Understanding Legal Descriptions

York County, Nebraska
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 Legal Descriptions; Understanding Land Descriptions

Most people are confused by legal land descriptions until they've worked with them for a while, so don't feel alone. The examples shown on this page are specific to York County, Nebraska. However, the section titled "Understanding Nebraska Land Descriptions" at the end of the article will allow you to take the information shown here and locate any point within Nebraska.

We will start with simple legal descriptions.

The most common requests we get for help come from people with a township name, or those that have found ancestors in a census report and want to know how to take the "numeric" description at the top of the page and convert it to a map location. If that is all the information you have, the following map will help you identify where the location is within York County.

Keep in mind that these coordinates, and the township names, are only applicable to York County. The coordinates on this map are abbreviated, like you would find on a census report. In York County, the township designations will always 9, 10, 11, or 12 north; the range designations will always be 1, 2, 3, or 4 west. Most legal descriptions will include the terms township and range, or an abbreviation for them (Twp or T; Rng or R).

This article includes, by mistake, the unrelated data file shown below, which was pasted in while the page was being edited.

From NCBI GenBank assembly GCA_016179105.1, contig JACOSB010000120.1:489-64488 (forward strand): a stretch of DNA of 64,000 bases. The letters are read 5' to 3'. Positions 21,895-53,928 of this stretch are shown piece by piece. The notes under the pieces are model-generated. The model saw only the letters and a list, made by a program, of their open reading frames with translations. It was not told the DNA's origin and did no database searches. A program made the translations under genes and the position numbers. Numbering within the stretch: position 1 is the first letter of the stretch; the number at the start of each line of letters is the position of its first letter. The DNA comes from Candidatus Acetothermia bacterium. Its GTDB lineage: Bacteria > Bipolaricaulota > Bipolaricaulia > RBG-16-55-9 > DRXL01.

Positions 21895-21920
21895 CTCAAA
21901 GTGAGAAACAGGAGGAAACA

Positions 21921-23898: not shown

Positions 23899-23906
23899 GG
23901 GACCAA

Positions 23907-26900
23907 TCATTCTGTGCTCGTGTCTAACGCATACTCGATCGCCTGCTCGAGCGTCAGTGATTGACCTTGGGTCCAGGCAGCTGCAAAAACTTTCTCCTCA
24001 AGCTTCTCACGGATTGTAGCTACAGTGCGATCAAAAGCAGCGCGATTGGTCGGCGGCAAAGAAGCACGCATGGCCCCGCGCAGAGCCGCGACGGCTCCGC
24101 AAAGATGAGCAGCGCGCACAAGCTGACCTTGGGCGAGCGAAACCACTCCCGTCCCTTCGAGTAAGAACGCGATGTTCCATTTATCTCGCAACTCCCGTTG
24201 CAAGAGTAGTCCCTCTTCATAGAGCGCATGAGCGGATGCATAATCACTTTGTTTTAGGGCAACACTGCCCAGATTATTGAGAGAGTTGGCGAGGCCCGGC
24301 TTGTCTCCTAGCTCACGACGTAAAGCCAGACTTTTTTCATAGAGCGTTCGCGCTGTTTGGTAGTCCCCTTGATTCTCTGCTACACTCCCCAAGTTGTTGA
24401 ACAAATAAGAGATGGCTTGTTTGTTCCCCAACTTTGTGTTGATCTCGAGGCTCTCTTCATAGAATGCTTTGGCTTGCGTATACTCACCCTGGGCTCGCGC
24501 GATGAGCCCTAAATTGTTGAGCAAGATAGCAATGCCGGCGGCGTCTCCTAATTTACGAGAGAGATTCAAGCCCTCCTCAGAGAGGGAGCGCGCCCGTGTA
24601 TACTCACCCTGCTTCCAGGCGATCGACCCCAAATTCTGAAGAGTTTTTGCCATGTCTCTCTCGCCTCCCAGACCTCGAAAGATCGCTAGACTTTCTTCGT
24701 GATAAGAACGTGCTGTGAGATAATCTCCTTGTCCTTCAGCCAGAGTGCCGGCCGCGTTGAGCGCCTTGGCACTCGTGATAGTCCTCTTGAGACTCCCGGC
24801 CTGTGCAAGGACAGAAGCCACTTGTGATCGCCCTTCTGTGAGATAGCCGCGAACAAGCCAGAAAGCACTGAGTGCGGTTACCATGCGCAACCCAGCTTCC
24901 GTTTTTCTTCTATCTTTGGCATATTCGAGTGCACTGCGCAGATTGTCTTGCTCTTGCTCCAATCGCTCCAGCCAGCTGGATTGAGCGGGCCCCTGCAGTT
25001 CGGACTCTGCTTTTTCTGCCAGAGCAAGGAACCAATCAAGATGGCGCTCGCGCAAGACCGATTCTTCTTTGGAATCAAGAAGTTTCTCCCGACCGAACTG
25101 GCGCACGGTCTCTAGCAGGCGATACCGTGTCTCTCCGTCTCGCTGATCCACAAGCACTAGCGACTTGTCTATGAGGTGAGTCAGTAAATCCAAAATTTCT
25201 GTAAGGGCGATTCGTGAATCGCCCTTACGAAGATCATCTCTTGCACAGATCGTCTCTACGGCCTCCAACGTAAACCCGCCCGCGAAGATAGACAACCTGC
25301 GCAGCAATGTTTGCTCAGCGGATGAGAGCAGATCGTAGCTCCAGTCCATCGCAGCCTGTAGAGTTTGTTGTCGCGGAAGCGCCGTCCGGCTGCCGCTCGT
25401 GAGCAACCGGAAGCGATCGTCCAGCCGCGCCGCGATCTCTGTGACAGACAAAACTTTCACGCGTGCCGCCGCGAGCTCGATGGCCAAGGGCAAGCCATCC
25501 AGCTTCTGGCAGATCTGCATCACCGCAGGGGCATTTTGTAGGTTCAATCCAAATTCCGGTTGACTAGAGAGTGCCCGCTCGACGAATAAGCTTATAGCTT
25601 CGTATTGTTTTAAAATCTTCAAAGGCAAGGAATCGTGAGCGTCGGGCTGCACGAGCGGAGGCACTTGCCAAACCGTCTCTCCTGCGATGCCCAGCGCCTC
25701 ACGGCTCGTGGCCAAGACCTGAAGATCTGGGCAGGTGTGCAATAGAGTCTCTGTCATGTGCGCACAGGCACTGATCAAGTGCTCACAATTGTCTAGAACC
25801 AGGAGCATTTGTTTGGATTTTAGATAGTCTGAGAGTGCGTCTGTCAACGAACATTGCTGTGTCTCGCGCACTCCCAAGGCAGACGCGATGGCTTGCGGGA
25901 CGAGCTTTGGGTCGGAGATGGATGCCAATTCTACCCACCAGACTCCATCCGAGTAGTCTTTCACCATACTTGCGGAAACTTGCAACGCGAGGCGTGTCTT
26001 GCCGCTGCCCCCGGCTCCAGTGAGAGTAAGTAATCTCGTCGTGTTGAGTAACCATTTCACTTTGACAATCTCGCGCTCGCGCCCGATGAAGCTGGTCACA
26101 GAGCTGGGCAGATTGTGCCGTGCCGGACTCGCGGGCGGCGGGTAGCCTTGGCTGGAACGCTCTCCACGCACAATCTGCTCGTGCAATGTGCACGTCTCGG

New York









West Blue

A full legal description consists of four segments: the tract description, the section number, a township number and direction, and a range number and direction. Here is a very simple land description, broken down into those four parts.

Description: SW1/4 17-T09N-R01W

Section (one square mile)
9N (or 9 North)
01W (or 1 West)

Can you find the location of the township and range coordinates (Township 9 North; Range 1West) in the map shown above? It is in the West Blue Township, located in the extreme southeast corner of York County.

Let's use a more complex land description now, and work our way through it. Here are three examples of land descriptions you might see they are written three different ways, but they are all for the same property.

  • A complete description might read: The west 1/2 of the northwest quarter, of Section 29, in Township 11 north of the baseline, and Range 3 west of the 6th Principal Meridian.